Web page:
As winter’s chill sets in, good bread makes for a classic source of comfort — and a trip to the neighbourhood bakery only deepens one’s appreciation for the magic of wheat, yeast and flour. In Toronto, the latest destination for gourmet carbs is Dear Grain Sourdough Studio, which began selling its slow-fermented loaves in Hamilton before opening its new headquarters on Ossington Avenue in November.
To design their new digs, Dear Grain enlisted the team at Future Studio, which tapped into bread’s warm, wholesome identity to develop a toasty, modern take on the traditional boulangerie. “The initial brief we received was that they wanted it to be a kind of bread museum — expressing the idea of baking as theatre,” says Future Studio creative director Ali McQuaid Mitchell. Clad in a combination of oak and oak-like melamine, the serene, orderly space feels like the inside of a giant wooden bread box. Custom, rounded-edge shelving effectively sets the stage for classic, multigrain, and chocolate cherry bread loaves, along with a curated selection of condiments and homewares.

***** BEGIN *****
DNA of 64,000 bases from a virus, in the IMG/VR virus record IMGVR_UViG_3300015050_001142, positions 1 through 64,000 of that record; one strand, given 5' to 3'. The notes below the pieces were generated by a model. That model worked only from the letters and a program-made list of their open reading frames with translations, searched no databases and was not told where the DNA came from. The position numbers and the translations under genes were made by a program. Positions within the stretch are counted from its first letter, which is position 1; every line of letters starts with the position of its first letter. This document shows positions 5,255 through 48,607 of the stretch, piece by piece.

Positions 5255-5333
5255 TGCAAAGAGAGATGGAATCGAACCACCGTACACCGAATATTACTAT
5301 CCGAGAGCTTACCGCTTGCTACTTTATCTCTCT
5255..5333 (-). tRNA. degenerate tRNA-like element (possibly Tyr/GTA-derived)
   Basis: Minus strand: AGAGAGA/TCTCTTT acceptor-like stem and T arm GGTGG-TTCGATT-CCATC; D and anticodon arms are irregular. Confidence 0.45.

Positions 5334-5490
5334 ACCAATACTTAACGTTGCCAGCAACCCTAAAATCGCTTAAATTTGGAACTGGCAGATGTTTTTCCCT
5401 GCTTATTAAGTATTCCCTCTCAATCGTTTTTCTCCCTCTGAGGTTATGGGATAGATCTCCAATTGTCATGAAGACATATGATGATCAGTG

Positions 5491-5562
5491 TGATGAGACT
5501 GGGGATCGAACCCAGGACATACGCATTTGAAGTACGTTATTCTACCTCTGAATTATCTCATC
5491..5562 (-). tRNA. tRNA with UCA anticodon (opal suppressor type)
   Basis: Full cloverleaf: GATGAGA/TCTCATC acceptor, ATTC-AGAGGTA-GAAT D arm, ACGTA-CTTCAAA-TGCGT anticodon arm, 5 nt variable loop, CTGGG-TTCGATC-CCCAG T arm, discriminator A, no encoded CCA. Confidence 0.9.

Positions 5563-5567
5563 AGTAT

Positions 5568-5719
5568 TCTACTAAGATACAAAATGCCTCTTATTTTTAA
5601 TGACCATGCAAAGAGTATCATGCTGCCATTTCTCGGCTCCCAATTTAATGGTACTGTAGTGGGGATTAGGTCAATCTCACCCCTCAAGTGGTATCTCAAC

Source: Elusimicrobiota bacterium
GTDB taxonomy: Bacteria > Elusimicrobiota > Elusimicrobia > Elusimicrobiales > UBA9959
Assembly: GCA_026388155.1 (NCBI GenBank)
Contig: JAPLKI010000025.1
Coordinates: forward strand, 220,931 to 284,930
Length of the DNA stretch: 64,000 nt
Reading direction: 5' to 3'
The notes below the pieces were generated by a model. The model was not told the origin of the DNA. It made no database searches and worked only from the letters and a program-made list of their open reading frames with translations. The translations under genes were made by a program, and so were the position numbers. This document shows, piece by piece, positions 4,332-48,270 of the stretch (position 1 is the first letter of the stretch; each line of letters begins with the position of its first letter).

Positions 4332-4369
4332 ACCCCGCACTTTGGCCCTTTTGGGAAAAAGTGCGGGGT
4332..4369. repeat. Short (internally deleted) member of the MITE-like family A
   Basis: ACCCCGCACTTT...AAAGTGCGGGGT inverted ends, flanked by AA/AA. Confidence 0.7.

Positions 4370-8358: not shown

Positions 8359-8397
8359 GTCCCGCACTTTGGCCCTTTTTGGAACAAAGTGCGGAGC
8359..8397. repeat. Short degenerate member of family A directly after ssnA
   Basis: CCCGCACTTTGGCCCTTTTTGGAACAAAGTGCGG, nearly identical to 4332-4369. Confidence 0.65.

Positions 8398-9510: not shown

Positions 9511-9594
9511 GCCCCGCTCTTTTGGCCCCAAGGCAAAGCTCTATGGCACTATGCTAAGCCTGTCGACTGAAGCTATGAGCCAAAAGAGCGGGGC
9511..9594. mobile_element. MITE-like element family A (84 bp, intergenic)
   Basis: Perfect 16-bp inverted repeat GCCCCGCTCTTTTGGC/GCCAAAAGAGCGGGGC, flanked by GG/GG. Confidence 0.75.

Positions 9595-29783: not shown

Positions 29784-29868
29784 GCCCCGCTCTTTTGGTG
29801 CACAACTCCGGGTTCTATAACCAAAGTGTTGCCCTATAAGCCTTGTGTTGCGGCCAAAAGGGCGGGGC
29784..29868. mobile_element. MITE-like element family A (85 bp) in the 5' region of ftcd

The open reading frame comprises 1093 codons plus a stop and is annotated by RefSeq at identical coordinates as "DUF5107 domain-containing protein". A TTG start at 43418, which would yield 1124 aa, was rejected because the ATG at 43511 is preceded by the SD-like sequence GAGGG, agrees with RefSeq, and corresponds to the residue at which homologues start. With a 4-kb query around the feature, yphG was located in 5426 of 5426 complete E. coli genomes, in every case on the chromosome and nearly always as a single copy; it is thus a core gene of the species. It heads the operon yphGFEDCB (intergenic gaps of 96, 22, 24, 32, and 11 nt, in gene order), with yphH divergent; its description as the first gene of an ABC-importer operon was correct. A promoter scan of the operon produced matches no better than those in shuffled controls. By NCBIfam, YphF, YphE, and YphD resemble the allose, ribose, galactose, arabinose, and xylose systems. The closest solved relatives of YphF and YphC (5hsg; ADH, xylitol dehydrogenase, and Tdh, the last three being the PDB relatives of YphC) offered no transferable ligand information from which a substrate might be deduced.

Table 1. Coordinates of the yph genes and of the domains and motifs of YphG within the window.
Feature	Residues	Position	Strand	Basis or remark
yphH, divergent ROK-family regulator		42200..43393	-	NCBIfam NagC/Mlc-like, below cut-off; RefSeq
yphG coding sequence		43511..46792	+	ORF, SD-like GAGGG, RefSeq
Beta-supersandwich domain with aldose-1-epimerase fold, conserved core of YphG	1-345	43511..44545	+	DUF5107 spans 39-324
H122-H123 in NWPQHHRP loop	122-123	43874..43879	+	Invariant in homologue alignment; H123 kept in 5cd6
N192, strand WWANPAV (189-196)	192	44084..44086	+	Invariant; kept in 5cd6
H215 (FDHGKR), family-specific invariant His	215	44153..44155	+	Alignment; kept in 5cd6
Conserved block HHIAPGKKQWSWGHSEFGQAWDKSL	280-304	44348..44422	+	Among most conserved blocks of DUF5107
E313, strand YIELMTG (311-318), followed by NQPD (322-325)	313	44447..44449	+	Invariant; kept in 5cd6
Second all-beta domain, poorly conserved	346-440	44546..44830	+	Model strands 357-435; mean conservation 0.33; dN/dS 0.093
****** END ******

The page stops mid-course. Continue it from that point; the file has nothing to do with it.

“The challenge with designing retail is that you have to constantly remember the reality of the store being filled with stuff,” says McQuaid Mitchell. “The shelving running through the whole space gives the products a shared backdrop, so that visually, they’re part of the same thought. And the owners have sourced so many amazing things — all of these really interesting tinned fishes and sauces and oils.”
Indeed, as delicious as the bakery’s bread is on its own, it also makes for a great vessel for flavourful toppings. Appropriately, Dear Grain’s interior also makes room for two colourful accents of its own: a bright pink La Marsocco espresso machine perched on the front counter, and a geometric arrangement of colourful square floor tiles. “The tile pattern is based on these Bauhaus textiles that we came across,” McQuaid Mitchell explains. “It was a fun and inexpensive way to bring some art into the space, and to get back to that idea of bakery-as-museum.”
For those eager to dig into a sandwich or some brioche, the shop also includes a small seating area at the back, complete with a curved countertop that recalls the knotty topography of a particularly crusty loaf. “It’s based on a similar almost-table drink rail that we designed at Bar Piquette,” says McQuaid Mitchell. “It’s great because it can seat people on stools, but also accommodate people standing up for a quick lunch. And right now with the pandemic, it’s also functioning well as extra retail display space.”
At the very back of the shop, a window looks onto the bustling kitchen, spotlighting baked goods that are still in progress to inspire return trips.
Future Studio bakes up a bread lover’s paradise that conveys the nourishing powers of a perfectly crusty loaf.